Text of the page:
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Language, Culture and Learning

What is language? What is language?

key ideas

?Language is more than just the code: it also involves social practices of interpreting and making meanings

?The way we teach language reflects the way we understand language ?What is learned in the language classroom, and what students can learn,

results from the teacher's understandings of language ?There is a fundamental relationship between language and culture ?It is important to consider how language as code and language as social practice

are balanced in the curriculum


Understanding language

Language is at the heart of language teaching and learning and teachers need to constantly reflect on what language is. This is because our understandings of language affect the ways we teach languages.

Language as code

Traditionally, language is viewed as a code. In this view, language is made up of words and a series of rules that connect words together. If language is only viewed in this way, language learning just involves learning vocabulary and the rules for constructing sentences. This understanding of language is, however, a very narrow one. It sees language as fixed and finite and does not explore the complexities involved in using language for communication.

Language as social practice

An understanding of language as `open, dynamic, energetic, constantly evolving and personal' (Shohamy, 2007:5) encompasses the rich complexities of communication. This expanded view of language also makes educational experience more engaging for students. Language is not a thing to be studied but a way of seeing, understanding and communicating about the world and each language user uses his or her language(s) differently to do this. People use language for purposeful communication and learning a new language involves learning how to use words, rules and knowledge about language and its use in order to communicate with speakers of the language. This understanding of language sees a language not simply as a body of knowledge to be learnt but as a social practice in which to participate (Kramsch, 1994). Language is something that people do in their daily lives and something they use to express, create and interpret meanings and to establish and maintain social and interpersonal relationships.

If language is a social practice of meaning-making and interpretation, then it is not enough for language learners just to know grammar and vocabulary. They also need to know how that language is used to create and represent meanings and how to communicate with others and to engage with the communication of others. This requires the development of awareness of the nature of language and its impact on the world (Svalberg, 2007).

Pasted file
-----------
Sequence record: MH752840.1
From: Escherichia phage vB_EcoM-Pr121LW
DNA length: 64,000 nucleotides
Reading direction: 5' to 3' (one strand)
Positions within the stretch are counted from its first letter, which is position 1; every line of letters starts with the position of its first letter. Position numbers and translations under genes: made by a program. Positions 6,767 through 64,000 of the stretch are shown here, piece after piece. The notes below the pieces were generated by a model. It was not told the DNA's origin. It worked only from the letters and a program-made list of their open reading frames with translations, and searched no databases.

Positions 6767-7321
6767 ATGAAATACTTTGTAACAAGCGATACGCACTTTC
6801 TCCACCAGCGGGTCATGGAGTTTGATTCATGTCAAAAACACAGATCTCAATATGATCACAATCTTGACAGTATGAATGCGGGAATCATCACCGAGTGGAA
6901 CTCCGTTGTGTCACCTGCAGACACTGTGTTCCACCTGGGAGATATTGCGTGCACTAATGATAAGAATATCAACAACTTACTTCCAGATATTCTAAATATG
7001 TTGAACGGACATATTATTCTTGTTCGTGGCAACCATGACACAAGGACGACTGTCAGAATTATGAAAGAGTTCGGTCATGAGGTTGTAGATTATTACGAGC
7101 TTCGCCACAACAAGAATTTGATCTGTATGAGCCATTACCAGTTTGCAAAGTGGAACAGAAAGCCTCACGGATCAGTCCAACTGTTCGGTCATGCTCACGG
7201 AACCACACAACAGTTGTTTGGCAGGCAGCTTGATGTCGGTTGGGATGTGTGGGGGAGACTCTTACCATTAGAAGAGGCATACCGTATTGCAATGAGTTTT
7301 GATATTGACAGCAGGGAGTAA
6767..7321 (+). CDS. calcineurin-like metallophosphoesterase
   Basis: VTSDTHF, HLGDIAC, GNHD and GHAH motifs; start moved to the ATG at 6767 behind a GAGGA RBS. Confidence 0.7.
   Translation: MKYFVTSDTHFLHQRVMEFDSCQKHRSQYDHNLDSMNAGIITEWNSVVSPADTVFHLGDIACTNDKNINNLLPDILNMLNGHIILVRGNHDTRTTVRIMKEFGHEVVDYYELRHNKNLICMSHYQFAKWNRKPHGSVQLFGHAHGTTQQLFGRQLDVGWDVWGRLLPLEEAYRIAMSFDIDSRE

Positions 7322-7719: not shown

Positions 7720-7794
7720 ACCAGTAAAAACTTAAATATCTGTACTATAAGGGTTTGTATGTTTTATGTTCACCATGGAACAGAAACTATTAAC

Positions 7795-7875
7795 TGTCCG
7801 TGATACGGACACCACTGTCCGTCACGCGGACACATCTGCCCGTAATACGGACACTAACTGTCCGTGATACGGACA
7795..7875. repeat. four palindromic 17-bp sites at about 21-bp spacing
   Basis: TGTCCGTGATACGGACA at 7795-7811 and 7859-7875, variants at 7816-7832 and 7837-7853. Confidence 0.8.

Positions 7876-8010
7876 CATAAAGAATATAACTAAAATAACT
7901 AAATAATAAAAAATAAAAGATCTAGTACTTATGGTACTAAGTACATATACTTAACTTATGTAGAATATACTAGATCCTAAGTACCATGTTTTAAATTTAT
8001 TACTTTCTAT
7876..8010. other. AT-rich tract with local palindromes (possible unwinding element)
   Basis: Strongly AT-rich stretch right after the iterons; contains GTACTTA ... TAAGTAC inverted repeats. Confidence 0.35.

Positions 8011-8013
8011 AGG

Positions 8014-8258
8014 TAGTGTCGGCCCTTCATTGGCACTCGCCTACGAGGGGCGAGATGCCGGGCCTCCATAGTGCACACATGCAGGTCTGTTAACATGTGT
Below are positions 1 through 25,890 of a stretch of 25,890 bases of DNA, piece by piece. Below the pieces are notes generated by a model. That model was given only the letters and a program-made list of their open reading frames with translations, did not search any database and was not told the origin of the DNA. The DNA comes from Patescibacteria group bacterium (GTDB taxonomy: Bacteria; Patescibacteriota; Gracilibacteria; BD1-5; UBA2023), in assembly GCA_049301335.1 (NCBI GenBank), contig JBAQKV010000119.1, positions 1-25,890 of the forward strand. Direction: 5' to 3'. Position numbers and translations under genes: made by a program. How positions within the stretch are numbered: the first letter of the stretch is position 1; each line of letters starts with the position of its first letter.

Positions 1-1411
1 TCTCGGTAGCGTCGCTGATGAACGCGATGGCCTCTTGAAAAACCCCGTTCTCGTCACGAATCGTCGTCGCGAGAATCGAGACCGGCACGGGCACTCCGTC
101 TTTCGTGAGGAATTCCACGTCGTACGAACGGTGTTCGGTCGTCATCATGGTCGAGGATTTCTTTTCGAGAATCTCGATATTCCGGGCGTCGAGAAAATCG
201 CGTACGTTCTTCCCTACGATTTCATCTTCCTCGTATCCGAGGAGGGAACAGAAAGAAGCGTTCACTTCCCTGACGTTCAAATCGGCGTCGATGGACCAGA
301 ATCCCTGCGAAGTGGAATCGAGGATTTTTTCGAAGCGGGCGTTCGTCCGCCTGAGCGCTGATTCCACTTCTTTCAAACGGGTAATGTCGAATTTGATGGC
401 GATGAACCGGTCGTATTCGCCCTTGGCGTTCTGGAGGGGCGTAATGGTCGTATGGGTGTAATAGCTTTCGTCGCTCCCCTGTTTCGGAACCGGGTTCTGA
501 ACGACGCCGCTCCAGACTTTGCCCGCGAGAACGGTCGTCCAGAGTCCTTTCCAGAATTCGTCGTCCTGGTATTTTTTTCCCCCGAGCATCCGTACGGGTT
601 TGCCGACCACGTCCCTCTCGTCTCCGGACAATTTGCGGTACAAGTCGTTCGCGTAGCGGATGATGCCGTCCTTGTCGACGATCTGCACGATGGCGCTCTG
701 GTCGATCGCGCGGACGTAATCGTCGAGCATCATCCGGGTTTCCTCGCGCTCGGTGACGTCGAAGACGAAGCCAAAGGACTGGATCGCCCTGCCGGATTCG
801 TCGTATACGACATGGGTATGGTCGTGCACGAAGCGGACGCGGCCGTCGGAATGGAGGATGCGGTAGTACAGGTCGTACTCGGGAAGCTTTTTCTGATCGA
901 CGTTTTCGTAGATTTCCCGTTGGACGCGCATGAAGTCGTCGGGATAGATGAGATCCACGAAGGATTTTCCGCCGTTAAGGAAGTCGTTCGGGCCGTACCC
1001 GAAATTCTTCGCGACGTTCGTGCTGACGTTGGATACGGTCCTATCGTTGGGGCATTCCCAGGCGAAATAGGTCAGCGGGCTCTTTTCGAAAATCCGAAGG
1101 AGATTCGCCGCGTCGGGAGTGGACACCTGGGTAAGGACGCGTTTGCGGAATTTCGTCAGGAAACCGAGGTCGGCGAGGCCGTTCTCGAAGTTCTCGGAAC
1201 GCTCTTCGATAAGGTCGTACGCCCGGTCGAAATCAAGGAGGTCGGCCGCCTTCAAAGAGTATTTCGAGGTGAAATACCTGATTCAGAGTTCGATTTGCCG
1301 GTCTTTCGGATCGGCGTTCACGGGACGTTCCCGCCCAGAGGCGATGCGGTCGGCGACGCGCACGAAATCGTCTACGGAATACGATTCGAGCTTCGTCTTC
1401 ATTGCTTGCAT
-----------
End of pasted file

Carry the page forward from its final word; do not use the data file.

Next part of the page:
Our understanding of language, as languages educators, becomes part of our professional stance and, as such, influences our curriculum, planning and classroom pedagogies. Teachers who view language simply as code make acquiring grammar and vocabulary the primary, if not the only, goal of language learning. Within such a limited approach, students do not begin to engage with language as a communicative reality but simply as an intellectual exercise or as a work requiring memorising.

16 Teaching and Learning Languages: A Guide

A professional stance that understands language as a social practice requires students to engage in tasks in which they create and interpret meaning, and in which they communicate their own personal meanings and develop personal connections with the new language.

The understanding of language that is part of our stance also affects what happens in the classroom and the ways in which learners begin to understand the relationship between their own languages and the languages of their learning. If the language learning program focuses on the code, then it models a theory of language in which the relationship between two languages is simply a matter of code replacement, where the only difference is a difference in words. If the language pedagogies focus on the interpretation and creation of meaning, language is learned as a system of personal engagement with a new world, where learners necessarily engage with diversity at a personal level. Within a professional stance that understands language as a social practice, teachers need to ensure that students are provided with opportunities to go beyond what they already know and to learn to engage with unplanned and unpredictable aspects of language. Learning language as a complex, personal communication system involves ongoing investigation of language as a dynamic system and of the way it works to create and convey meanings. This involves learners in analysis and in talking analytically about language. Kramsch (1993:264) notes that: `talk about talk is what the classroom does best and yet this potential source of knowledge has not been sufficiently tapped, even in communicatively oriented classrooms'. The emphasis on ongoing investigation and analysis assumes that learners are involved in learning which promotes exploration and discovery rather than only being passive recipients of knowledge as it is transmitted to them by others. These learners require learning skills which will give them independence as users and analysers of language (Svalberg, 2007).